Inside the world of trashy celebrity magazines: “Everything I write is a lie and I hate it.”

do celebrity magazines lie

An anonymous writer for a “trashy” celebrity magazine has revealed what truly goes on behind the glossy pages we read.

Unsurprisingly, it’s a world of brutality, embellished stories, and employees left sitting in tears, as confessed in Broadly.

The writer admits that from their high school days, they had always dreamed of being a published celebrity reporter. There was always the expectation to work on “frivolous gossip” and “silly interviews” but the writer was shocked when most of their pieces didn’t’ have an ounce of truth.

“Beyond excited to be assigned my first story during my first week, I was pretty surprised when I realised that stories weren’t commissioned based on what was newsworthy—or even true,” they wrote.

Watch Amy Schumer slay women’s’ magazines. (Post continues after video.)

Their first article centred around Victoria Beckham, and rather than being an article, it was more like a work of fiction.

“That week, I found myself writing a story about Victoria Beckham almost as fiction, occasionally pausing to rip off quotes from interviews she or her husband David had given in the past 18 months, then peppering it with details emailed over by a senior editor about life ‘chez Beckham.'”

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Unlike we would all like to believe, celebrity reporters don’t live the high life, regularly having cocktails and cheese with A-listers.

In fact, the budgets are so tight that the magazines can never afford to send their reporters to events, so most research was done online.

“Gossip was often emailed over by media agencies, complete with quotes from sources. They had a network of contacts, and they would email daily round-ups of what their little birds had been telling them. Some were personal trainers or actual friends, but much more often it would be someone who once worked on a film with the celebrity as an extra.

“In the story, the quotes would be masked as having come from “a friend close to the star.” Dutifully, I would then pay the agency or tipster up to £500.”

Check out some Magazine covers: are they just pretty on the outside? Images via Facebook. (Post continues after gallery.)

So, that “close source” who KNEW Jenifer Aniston was pregnant was probably just someone who saw her at the gym.

Much like the sources used in these celebrity articles, the stories themselves were fictional.

“Once the editors had settled on whatever batshit theme they wanted, you would cook your story to be whatever your boss desired. Much as with supposed rumours of Aniston’s pregnancy, a picture of a size six celebrity looking slightly bloated in a bikini would be met with ideas for a “my baby joy” article. “She’s definitely pregnant!” the editors would crow. (She wasn’t.) Or a frowny photo would be accompanied with a “love on the rocks” article. “Can’t be long now till they split!” the editors would say. (As usual; wrong.)”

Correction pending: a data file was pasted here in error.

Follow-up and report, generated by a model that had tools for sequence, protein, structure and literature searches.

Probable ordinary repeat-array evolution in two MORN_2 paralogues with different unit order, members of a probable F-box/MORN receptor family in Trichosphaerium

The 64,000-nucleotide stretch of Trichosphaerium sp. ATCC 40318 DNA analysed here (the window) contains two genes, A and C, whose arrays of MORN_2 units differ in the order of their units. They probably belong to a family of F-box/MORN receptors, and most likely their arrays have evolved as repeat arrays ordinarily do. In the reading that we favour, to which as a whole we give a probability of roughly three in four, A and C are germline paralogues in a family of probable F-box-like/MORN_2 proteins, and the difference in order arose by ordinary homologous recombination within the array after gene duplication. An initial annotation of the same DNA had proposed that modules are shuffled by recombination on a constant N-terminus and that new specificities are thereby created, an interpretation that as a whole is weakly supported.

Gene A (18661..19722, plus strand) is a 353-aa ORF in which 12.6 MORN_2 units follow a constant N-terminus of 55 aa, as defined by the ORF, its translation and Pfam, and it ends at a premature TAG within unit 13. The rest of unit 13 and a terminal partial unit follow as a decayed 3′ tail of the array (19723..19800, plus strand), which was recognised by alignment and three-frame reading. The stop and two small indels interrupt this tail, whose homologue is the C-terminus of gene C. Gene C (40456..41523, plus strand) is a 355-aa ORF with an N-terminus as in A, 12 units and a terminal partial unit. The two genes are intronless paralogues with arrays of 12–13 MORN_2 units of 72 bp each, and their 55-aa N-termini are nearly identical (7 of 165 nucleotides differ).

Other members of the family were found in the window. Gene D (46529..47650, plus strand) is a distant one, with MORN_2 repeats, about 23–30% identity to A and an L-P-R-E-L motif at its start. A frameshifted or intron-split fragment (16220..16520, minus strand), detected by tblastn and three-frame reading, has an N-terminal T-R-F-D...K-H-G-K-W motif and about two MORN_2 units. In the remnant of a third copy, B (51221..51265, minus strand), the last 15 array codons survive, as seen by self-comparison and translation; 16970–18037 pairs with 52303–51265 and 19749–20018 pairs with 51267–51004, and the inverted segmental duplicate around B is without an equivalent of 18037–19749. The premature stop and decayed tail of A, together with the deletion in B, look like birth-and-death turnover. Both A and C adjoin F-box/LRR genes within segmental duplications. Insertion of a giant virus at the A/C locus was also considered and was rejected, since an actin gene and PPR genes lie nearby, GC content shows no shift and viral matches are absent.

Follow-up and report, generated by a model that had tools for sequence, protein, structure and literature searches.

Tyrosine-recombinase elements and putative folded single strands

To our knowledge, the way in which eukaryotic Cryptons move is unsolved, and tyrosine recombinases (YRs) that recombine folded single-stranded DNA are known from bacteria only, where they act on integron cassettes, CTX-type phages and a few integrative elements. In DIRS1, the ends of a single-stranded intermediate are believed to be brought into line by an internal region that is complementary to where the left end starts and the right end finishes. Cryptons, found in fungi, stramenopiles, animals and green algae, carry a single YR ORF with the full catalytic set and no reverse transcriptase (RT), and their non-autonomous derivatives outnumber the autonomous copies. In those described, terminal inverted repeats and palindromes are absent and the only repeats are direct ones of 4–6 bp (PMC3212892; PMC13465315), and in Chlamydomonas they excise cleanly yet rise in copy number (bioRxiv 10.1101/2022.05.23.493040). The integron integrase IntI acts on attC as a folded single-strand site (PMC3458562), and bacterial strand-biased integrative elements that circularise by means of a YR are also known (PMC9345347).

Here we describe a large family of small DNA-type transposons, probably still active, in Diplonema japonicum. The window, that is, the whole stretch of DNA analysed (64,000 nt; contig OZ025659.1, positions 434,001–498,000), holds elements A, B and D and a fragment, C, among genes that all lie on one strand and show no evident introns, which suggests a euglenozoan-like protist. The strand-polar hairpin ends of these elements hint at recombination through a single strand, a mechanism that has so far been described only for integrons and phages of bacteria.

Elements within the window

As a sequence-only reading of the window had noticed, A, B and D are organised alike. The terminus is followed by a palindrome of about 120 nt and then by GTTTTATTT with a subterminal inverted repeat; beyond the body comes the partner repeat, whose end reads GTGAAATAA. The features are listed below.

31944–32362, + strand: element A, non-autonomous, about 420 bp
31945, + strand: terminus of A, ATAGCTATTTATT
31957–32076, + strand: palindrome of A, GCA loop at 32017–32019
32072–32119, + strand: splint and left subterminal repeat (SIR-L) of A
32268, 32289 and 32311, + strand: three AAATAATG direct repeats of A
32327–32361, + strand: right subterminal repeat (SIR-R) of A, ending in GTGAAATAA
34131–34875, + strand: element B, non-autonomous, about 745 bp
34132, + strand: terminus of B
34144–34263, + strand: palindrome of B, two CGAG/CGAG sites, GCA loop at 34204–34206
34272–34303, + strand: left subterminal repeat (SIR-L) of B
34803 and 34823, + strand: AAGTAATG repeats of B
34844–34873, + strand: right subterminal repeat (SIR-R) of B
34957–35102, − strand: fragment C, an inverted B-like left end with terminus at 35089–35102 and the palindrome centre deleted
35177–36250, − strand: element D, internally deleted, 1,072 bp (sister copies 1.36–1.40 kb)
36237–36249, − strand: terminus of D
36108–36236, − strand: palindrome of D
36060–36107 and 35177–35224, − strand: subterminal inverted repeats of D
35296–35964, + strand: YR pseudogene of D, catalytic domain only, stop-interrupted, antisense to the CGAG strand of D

While the writer learned to make non-stories into best-selling covers, they also found the power of never getting into legal trouble. In fact, it was “the main skill I learned”.

“We were told that—perhaps wrongly—that under English law, publications could use single quote marks even if the celebrity never said the line in question; think of all those ‘Why I Can’t Wait for Baby Number Three’ headlines, for instance. We would only get into dubious territory if the statement was in double quotes, even though the average reader would never distinguish between the two. Our editors could make a celebrity say pretty much anything on the cover of a UK magazine.”

Yes, that’s right.

If they put quotes in single quotation marks, then it doesn’t have to be true.

do celebrity magazines lie

Note the careful use of single quotation marks. Image via Facebook.

Remember that, next time you're looking at magazines at the supermarket.

Despite the dubious fact-checking, the concoction of fake stories, and savage mentality of magazines, the writer was able to survive all of that.

The part that forced her out was the 'faux-feminist' spin the magazine tried to place on articles.

"Rather than doing a tried-and-true "celeb wants a baby!" or "looking fat in swimwear!" story, we'd have to write it in a psuedo-empowering way. For example: "Poor [insert name of sad sack celebrity here] is depressed because she doesn't have a baby. She's a strong, independent woman with the world at her feet, but pals say she's secretly yearning to get pregnant."

After just six months, the writer left the industry and now works where their sources are far more stable, and their subjects aren't written about so condescendingly.

The writer does ask just one thing: remember the celebrities who are victims to these lies, but also those forced to write it.

"Spare a moment's thought for the people who write this shit. We're all cogs in the same machine; some of us are just smaller and more insignificant than others."

You can read the writer's full essay here

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